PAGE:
Orientation and First Weeks
During the first week, I had to do many administrative things from paperwork to lab safety courses. I was told I had a flexible schedule, and that I could shift my hours around to fit my needs. I was given a brief rundown of my duties and what they wanted me to accomplish. I was to create an inventory of all the specimens currently in the collections and update their old database. They told me to create the inventory in word and list what kind and how many bones each specimen ID had. I also had to note down any damage or noticeable defects for the bones.
After, they gave me a tour of the archaeology department as well as the forensic labs. They told me that the RCMP and the forensic department work closer to archaeology than criminology since they deal with bones and human remains the most. I learned that there were many different branches of archaeology and each one had a lab to accommodate them.
Day to Day
My day to day schedule is working from Monday to Friday at 8:00 am to 4:00 pm. When I decided to take a course during my 2nd term, it was 8:00 am - 5:00 pm instead. Most of the time I was alone in the lab under minimal supervision. Everyday I would update a log journal to keep track of my progress and to see how long each cabinet would take. The zooarchaeology laboratory has 4 occupied shelves with roughly 11 cabinets each. Each cabinet has between 5-8 trays full of various specimens. There are 3 shelves of mammals and 1 shelf of fish, birds, and reptiles. I would work my way through each specimen by counting and recording their bones in a notebook. After I finished an entire cabinet, I would create the official word document by referring back to my notebook. I would also take a photo of each tray to document how it looks and what was in it. Should I come across any misplaced or mislabeled bones, I would take note and then fix it.
Before diving into the bones in a new cabinet, I would note down all the specimens in the cabinet and then update the database with their location. I would also need to check if the specimens had any processing worksheets and then use them to update the information on the database. This was my daily routine.
During my 2nd term, I was able to sit in on the Zooarchaeology course to further enhance my archeology knowledge. I also decided that I wanted to learn how to de-flesh a specimen for the collection before I left.
Learning and Adaptation
My position is very repetitive. I learned to get into a routine of taking inventory and developed my own way of quickly writing the bones and any observations I had in my notebook. For instance, I would denote that a bone was fragmented by drawing two slanted parallel lines and pointing to the bone name with an arrow or I would indicate major damage using a down arrow and an "X". These symbols helped me save time by not needing to write down my entire observation especially when there were multiple of them.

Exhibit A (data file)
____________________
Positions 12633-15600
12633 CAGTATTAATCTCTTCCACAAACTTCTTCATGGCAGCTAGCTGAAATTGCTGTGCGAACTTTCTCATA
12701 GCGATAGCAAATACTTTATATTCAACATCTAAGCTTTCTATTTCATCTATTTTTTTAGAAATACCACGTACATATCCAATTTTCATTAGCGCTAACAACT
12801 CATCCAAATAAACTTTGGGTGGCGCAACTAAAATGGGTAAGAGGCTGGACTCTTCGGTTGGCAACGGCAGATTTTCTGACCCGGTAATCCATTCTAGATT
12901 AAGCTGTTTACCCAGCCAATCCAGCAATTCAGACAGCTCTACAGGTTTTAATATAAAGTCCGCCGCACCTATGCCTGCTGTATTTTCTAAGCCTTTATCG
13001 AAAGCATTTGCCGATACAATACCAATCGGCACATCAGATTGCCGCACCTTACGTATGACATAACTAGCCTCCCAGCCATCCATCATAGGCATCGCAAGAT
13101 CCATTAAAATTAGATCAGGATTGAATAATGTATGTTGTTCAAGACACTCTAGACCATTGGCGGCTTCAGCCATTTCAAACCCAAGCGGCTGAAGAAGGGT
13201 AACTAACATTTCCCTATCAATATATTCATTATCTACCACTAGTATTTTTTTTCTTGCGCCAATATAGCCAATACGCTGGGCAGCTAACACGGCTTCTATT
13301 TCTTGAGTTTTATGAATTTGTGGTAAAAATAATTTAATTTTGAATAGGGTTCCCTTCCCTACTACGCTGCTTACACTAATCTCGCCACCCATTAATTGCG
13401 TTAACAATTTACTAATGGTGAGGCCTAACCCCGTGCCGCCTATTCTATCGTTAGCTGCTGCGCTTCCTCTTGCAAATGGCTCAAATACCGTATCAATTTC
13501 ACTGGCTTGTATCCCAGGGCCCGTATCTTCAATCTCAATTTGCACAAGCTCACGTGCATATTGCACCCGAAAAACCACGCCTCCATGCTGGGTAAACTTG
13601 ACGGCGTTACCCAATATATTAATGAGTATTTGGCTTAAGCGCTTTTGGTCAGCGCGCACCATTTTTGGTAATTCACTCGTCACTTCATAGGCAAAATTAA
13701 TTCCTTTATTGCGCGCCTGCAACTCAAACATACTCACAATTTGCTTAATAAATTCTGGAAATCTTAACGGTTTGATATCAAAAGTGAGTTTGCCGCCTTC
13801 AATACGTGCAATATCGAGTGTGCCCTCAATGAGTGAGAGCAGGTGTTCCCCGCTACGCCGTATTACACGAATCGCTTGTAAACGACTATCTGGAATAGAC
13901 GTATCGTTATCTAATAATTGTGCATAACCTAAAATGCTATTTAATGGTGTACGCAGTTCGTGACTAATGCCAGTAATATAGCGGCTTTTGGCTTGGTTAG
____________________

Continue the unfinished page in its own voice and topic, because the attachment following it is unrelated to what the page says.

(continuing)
By spending time to carefully look at the labels on the bones and draw out my observations, I eventually learned how to recognize the bones by their shape. This helped my speed up my inventory taking process. It also helped me learn the cranial bones of fish faster.
Accomplishments and Challenges
One major accomplishment I have is being able to recognize bones of various animals as well as their siding. This is all thanks to the amount of repetitive practice I got from writing down the inventory of the same type of animal for multiple specimens. Also, needing to figure out the side that a bone fragment belonged to, helped me improve my attention to detail since any little landmark helped.
The greatest challenge for me was learning fish bones. While the body of a fish may be simple, the skull has more than 35 different types of bones and certain bones look very similar. It also did not help that fish have some of the most diverse skulls, leading to the same bone looking very different between two fish. However, using books and online resources, I eventually learned to recognize the bones of a fish.
Overall, working in the Zooarchaeology lab has helped me develop my observational skills, time management, and patience. Needing to carefully inspect bone fragments to figure out what it was, helped me improve my ability to notice important features. Being under minimal supervision, made me want to use my time well in order to show progress. I would set personal deadlines like wanting to finish one cabinet a week to keep things rolling. Doing a lot of the same work and needing to count many tiny bones in regards to rodents or fish, definitely helped strengthen my patience. It was quicker to take things slow as to not miscount and force a recount. I enjoyed getting to handle bones of animals I never would have seen and probably never will.